I went to Quiltcon two weeks ago!  I had an awesome time!  The quilt show was really beautiful and inspiring.  Many of these are the kinds of quilts that I like and aspire to make (and feel like I could realistically maybe someday make quilts like them).  There are a lot of really amazing quilts at quilt festival, too, but so many of them are art quilts, using techniques I can't ever see myself learning, or are very traditional or otherwise not really my style.  I took lots and lots of pictures of my favorite quilts in the show.  I also enjoyed the vendor hall - I found some really great fabric for a baby quilt I'm going to start soon.  And there was a really generous swag bag!  There were several fabric samples, and patterns and magazines, and little gadgets.  The tote bag itself is really high quality, too.

But my favorite part of Quiltcon was the classes I took.  The blocks up there are from Lee Heinrich's Advanced Piecing Crash Course on Friday night.  I learned paper piecing and partial seams!  Paper piecing is something I've wanted to do for a long time, but I was afraid of it.  Now I'm confident!  Lee walked us through the two blocks and gave us a bunch of tips to make the pieces fit together and place each new piece.  The only downside was the sewing machines ... I'll probably never buy a BabyLock.  The machines in the class were BabyLock Rachels, and they were advertising a special show price that I don't remember, but I think it was in the neighborhood of $500 plus or minus 100.  The machine was about the same size as my little Brother machine (which has a tiny harp space and cost about $100) but didn't sew anywhere near as well.  Several of us, including me, had seemingly unsolvable tension problems.  It was computerized (which my machine is not) and had a needle down feature, which was nice but not worth the other problems it had.
The other class I took was Elizabeth Dackson's Find Your Go-To Fill.  It was great!  We used wonderful HandiQuilter Sweet16 mid-arm machines and did a lot of sketching and practice of five or so different filler patterns.  In contrast to the BabyLock experience in the other class, if I had a spare $5000 and a permanent space to set it up, I would definitely consider buying one of these machines.  They quilted so smoothly and were really easy to use!  I came home inspired to do more free motion quilting!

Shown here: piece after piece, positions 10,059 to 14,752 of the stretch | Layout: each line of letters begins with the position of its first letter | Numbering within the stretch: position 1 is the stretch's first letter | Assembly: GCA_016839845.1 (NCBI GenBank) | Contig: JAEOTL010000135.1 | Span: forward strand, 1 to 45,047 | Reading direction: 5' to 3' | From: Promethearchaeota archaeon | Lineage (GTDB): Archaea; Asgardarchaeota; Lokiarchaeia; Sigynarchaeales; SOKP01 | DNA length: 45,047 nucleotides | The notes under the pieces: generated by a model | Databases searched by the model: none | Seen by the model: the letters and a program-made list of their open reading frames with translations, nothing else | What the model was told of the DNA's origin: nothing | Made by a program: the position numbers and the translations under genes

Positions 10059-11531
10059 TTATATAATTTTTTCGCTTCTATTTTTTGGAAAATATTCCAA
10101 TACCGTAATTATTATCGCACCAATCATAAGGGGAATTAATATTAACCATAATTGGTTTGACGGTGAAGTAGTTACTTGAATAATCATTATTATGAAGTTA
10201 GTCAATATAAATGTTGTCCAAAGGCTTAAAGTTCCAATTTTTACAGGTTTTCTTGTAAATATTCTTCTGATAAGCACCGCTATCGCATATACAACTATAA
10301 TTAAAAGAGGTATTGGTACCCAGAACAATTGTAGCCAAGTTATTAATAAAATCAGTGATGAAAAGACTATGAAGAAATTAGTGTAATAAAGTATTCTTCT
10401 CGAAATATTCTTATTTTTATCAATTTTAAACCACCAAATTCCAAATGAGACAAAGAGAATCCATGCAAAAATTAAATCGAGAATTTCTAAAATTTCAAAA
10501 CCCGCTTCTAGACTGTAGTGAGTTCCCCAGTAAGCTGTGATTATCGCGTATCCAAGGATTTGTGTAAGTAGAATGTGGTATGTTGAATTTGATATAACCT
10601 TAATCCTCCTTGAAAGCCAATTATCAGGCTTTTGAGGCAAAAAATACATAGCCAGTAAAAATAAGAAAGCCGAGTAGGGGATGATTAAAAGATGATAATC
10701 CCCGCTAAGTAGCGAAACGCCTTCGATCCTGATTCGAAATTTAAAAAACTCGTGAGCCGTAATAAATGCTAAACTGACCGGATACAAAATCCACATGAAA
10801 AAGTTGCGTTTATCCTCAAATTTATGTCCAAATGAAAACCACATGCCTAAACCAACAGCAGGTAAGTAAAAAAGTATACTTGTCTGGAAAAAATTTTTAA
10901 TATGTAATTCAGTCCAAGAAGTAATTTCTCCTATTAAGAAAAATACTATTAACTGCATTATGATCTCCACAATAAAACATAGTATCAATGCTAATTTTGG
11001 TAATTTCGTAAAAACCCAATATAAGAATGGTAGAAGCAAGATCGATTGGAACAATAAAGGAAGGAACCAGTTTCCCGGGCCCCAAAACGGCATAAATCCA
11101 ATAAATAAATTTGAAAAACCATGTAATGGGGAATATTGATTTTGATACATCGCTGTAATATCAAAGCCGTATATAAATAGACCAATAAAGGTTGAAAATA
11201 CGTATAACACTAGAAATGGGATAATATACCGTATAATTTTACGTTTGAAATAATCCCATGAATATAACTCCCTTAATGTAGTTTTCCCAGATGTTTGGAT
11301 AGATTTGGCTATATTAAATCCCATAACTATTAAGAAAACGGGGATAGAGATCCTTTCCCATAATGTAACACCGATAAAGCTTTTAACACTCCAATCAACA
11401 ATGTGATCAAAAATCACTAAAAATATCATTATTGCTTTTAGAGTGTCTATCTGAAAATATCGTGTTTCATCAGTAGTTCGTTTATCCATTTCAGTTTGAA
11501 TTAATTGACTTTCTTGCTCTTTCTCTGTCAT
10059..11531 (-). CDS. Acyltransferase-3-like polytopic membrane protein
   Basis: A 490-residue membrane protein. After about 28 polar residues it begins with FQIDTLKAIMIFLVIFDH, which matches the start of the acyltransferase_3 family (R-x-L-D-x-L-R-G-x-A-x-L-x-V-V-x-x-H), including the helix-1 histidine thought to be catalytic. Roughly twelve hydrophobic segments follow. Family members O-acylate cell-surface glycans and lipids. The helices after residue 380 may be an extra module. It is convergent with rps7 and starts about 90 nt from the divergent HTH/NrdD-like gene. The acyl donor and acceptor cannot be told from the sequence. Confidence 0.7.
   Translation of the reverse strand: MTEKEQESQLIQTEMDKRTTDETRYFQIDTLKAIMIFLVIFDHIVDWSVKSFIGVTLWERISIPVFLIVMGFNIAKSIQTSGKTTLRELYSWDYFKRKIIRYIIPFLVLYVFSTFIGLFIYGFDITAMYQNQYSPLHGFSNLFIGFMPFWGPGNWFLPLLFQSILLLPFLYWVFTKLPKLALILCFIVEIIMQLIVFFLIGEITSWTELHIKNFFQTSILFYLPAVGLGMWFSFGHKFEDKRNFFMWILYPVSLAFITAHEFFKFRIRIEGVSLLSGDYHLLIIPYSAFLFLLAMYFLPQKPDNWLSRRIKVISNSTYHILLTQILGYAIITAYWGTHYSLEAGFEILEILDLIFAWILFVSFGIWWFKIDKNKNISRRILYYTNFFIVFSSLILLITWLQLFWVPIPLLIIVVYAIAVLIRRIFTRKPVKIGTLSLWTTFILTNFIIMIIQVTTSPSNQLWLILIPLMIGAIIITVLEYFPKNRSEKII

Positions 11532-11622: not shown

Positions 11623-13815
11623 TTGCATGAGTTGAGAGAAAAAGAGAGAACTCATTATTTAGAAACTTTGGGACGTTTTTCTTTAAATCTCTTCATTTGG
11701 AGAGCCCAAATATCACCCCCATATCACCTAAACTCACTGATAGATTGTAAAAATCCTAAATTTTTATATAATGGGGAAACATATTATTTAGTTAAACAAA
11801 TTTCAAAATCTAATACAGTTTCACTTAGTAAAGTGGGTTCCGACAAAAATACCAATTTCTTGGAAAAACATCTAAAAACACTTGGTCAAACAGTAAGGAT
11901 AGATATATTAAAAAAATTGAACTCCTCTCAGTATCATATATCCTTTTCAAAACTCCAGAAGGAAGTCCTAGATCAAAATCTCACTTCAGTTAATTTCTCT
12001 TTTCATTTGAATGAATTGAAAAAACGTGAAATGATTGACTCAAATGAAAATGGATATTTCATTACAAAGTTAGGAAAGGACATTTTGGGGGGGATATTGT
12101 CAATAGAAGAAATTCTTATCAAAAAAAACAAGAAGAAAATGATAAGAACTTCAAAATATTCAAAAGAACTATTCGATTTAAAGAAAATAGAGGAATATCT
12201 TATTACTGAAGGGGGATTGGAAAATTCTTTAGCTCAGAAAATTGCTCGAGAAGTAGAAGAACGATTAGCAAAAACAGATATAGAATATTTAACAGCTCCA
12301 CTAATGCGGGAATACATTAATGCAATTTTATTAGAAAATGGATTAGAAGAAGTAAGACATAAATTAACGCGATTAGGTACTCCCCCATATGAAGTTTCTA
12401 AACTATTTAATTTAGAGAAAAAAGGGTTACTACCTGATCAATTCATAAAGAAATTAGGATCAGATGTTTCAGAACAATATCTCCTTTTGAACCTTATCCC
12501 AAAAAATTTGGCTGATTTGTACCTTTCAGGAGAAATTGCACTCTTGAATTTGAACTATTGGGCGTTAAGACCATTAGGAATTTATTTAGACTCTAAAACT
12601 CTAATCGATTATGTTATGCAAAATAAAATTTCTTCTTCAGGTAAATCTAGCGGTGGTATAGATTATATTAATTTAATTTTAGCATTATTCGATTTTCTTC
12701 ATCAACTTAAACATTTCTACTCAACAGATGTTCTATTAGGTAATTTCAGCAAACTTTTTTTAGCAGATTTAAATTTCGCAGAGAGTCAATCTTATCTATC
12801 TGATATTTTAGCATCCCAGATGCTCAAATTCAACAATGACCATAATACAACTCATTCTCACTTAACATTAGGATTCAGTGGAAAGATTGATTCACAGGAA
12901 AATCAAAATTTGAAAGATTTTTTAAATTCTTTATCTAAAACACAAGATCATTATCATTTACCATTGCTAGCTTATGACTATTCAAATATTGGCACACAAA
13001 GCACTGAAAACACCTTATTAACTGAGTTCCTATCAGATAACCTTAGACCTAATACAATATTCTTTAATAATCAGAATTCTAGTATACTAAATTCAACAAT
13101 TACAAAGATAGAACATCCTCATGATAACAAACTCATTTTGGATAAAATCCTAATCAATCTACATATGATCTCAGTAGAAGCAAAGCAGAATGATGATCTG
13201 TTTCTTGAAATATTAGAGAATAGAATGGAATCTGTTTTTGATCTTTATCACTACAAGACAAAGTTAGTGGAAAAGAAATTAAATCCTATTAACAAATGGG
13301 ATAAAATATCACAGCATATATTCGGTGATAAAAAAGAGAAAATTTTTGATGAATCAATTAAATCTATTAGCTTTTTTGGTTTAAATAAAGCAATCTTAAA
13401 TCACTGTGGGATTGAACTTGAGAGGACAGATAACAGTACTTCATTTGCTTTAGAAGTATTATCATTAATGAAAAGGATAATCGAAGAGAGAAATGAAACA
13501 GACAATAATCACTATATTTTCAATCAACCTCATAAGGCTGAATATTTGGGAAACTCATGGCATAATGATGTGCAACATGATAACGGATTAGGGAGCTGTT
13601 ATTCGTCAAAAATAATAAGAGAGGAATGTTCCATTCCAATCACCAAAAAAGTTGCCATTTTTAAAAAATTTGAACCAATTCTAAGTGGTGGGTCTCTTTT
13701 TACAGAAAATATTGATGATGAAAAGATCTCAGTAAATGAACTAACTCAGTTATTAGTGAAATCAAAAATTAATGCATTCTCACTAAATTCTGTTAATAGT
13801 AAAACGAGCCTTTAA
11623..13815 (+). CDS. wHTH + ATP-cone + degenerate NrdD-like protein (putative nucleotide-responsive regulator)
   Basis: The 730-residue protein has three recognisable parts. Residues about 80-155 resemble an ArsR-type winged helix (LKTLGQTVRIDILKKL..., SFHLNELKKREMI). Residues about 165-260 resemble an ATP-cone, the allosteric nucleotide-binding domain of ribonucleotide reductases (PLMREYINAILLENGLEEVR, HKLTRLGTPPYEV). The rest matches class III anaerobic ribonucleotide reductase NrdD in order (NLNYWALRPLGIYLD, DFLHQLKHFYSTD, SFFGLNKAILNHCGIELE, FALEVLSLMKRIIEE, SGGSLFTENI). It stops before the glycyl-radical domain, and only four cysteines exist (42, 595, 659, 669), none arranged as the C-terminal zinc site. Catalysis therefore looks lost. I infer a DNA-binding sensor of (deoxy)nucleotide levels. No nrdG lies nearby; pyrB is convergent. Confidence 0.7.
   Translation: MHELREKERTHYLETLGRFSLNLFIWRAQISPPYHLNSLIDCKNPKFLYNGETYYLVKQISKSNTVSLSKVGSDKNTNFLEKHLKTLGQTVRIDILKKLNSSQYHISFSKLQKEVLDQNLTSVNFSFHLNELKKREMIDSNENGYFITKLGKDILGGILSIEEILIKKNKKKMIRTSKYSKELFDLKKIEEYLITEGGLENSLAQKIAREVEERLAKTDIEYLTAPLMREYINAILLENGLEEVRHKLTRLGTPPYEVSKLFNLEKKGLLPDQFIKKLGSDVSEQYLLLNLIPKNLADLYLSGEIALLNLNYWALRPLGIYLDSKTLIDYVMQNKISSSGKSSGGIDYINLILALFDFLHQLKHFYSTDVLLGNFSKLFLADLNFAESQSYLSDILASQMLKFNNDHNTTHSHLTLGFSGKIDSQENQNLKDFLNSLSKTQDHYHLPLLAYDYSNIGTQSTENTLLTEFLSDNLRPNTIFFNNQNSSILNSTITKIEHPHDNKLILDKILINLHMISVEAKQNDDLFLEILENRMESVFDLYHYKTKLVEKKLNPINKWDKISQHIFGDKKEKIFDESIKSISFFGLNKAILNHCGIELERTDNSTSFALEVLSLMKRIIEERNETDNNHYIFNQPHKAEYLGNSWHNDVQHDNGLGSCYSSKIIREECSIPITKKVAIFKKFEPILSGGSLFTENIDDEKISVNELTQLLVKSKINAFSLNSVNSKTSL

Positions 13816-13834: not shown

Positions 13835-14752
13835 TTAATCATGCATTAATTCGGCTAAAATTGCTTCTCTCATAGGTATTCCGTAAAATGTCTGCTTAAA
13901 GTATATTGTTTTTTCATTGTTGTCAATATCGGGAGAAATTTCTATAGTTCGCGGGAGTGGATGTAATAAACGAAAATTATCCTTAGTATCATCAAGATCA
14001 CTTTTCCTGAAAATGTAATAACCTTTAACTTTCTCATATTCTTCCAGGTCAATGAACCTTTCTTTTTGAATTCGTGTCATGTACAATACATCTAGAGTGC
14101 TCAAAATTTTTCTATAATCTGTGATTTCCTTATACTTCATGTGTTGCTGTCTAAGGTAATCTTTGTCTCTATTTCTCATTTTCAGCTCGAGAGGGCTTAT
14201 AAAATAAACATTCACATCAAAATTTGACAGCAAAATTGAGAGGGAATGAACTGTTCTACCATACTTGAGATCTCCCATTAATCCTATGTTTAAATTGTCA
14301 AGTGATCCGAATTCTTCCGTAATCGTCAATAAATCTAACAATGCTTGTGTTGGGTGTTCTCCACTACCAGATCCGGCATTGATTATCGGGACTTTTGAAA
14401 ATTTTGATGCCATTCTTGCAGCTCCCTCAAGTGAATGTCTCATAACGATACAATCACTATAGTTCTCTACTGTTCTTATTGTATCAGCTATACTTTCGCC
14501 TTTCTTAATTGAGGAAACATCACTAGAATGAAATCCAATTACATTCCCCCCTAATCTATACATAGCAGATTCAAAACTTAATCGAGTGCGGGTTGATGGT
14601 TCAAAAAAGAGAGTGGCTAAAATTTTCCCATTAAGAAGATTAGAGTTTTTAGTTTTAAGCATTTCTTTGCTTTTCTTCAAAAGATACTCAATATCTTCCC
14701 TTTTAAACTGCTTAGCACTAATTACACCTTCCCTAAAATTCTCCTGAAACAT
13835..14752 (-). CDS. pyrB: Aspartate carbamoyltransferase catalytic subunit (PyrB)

Thursday, March 5, 2015

CMS/Colloquium knitting

After I cast off my Gradient Multnomah last week, I didn't have a single knitting project on the needles to take with me to CMS and Colloquium!  It is really rare and a little weird for me to not have ANY knitting to work on ... so I cast on something new.  This is the beginning of the hemmed cuff for the first sleeve of Lofoten.  The bottom black part (up to the purl ridge just below the colorwork) will be folded under.

I'm making a few modifications:  I'm knitting the 40" size (this sweater is intended to be worn with 4" of positive ease), but I think I'm going to want to lengthen the sleeves (and possibly also the body), so I started the sleeves and the bracelet pattern with the chart for the 36-38" sizes.  I expect to just make the increase section longer, to end with the right number of stitches for the 40" size at the top of the sleeve.  The instructions say to just knit even at the top of the sleeve increases for extra length, but I don't think I want the extra bagginess at the top of the sleeves.  I'd rather have them a bit narrower for the length of the sleeve.  I hope this works out!

Now I need to get working on finishing a few of my UFOs - I'm up to 7 (EEK)!